Adam Ghering is a public affairs specialist with the Food Safety and Inspection Service at the U.S. Department of Agriculture.
Most people would say that they can tell pretty quickly what is clean and what is dirty. If you see stains on your pants, you know that your pants are dirty. However, seeing whether bacteria is on your food is an entirely different story. All foodborne bacteria are microscopic and can’t be seen with the naked eye, so it is difficult to know if your foods have been cross-contaminated. Bacteria may come into contact with our foods from other foods, contaminated cooking equipment, utensils, and even our hands. According to the 2016 U.S. Food and Drug Administration (FDA) Food Safety Survey, Americans are doing well to prevent cross-contamination from some common sources, but not all.
For example, 85% of respondents in the survey said they wash their hands after handling raw meat. Ninety percent of respondents said they wash their cutting board, or get a different one, after the cutting board has touched raw meats. Eighty-one percent of participants said they use a different plate than the one that held raw meats to carry cooked items from the grill. This is good news.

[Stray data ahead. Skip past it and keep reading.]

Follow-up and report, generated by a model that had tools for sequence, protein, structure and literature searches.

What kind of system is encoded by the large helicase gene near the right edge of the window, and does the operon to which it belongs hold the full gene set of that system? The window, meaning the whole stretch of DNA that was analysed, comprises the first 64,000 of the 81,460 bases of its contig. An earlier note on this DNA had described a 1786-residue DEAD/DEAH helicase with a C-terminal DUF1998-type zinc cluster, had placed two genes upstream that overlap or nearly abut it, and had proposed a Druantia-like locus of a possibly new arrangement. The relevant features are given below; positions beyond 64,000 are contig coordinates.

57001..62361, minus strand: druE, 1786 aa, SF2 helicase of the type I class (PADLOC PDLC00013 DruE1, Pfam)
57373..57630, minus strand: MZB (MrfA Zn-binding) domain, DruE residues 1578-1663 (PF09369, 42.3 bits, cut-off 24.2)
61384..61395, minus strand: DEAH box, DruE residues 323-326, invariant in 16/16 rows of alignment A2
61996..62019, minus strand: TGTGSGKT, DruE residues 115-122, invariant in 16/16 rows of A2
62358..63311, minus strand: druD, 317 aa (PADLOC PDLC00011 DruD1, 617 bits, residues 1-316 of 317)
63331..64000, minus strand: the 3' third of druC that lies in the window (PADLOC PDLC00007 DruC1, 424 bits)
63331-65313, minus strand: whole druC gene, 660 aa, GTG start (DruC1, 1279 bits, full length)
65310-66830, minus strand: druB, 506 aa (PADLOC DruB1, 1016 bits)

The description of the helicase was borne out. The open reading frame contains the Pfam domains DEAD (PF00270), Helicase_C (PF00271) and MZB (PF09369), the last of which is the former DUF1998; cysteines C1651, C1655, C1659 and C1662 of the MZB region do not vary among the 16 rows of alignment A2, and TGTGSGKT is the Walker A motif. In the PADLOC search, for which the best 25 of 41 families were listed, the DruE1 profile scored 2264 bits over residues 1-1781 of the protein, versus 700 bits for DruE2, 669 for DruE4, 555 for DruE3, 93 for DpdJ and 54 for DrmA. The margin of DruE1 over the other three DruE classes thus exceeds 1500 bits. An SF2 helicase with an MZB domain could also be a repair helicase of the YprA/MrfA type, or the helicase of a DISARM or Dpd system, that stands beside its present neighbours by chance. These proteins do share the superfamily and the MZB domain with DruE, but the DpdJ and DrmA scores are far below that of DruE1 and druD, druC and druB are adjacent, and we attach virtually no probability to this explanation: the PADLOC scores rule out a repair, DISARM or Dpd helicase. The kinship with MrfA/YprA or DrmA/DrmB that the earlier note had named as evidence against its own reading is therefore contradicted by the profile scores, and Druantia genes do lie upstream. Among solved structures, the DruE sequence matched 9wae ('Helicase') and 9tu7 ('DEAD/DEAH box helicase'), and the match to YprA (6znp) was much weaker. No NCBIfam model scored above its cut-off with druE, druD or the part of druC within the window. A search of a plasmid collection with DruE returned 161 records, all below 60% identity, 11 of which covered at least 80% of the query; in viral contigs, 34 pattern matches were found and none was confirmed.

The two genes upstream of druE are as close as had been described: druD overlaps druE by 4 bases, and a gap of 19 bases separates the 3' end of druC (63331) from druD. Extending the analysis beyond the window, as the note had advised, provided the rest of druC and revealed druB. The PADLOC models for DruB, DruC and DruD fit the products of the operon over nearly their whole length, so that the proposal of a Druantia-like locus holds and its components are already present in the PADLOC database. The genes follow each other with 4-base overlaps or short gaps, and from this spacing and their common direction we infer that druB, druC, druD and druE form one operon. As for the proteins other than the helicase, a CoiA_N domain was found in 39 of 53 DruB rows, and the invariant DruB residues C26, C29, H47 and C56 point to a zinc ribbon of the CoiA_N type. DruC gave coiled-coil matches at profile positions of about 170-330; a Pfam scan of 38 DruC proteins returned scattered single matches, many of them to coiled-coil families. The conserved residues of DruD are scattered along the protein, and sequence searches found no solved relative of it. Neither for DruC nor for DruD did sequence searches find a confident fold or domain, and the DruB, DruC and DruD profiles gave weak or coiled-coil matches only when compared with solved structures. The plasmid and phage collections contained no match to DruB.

However, there are other common things to think about in this area of food safety. Here are 2 things you may touch that can also transfer harmful bacteria.
1. Your phone
Do you ever use your phone while preparing or eating food? Phones and other devices go everywhere with us now, including the ballpark, our gardens, the bathroom… and out to the grill or in the kitchen. During these travels, our phones can pick up bacteria. In the FDA survey, 40% of the respondents reported that they used a telephone, smartphone, or laptop while cooking but did not wash their hands after touching their device and continued to cook.
Washing your hands after touching any potentially contaminated surface, such as your phone or laptop, is an easy way to prevent illness. Always wash your hands for 20 seconds with soap and warm water. Focus on scrubbing your palms, between your fingers, and underneath your fingertips; then rinse your hands thoroughly. Our hands are great tools for creating healthy and delicious meals. Let’s make sure they don’t also transfer bacteria onto our foods. After you’re done, make sure to clean off your device, too.
2. Peels and skins of fruits and vegetables
Other items that people may not clean, but should, are fruits and vegetables. Bacteria can be transferred from the outside of the fruit or vegetable during peeling or slicing. Even if you plan to peel or slice your fruit and vegetables, wash them beforehand with cold running water. If the fruit or vegetable has a firm surface, such as apples or potatoes, the surface can be gently scrubbed with a brush.
Need more food safety information? Call the USDA Meat & Poultry Hotline at 1-888-MPHOTLINE (1-888-674-6854). You can also submit a question or chat live with a USDA food safety specialist at AskKaren.gov, Monday through Friday, in English or Spanish.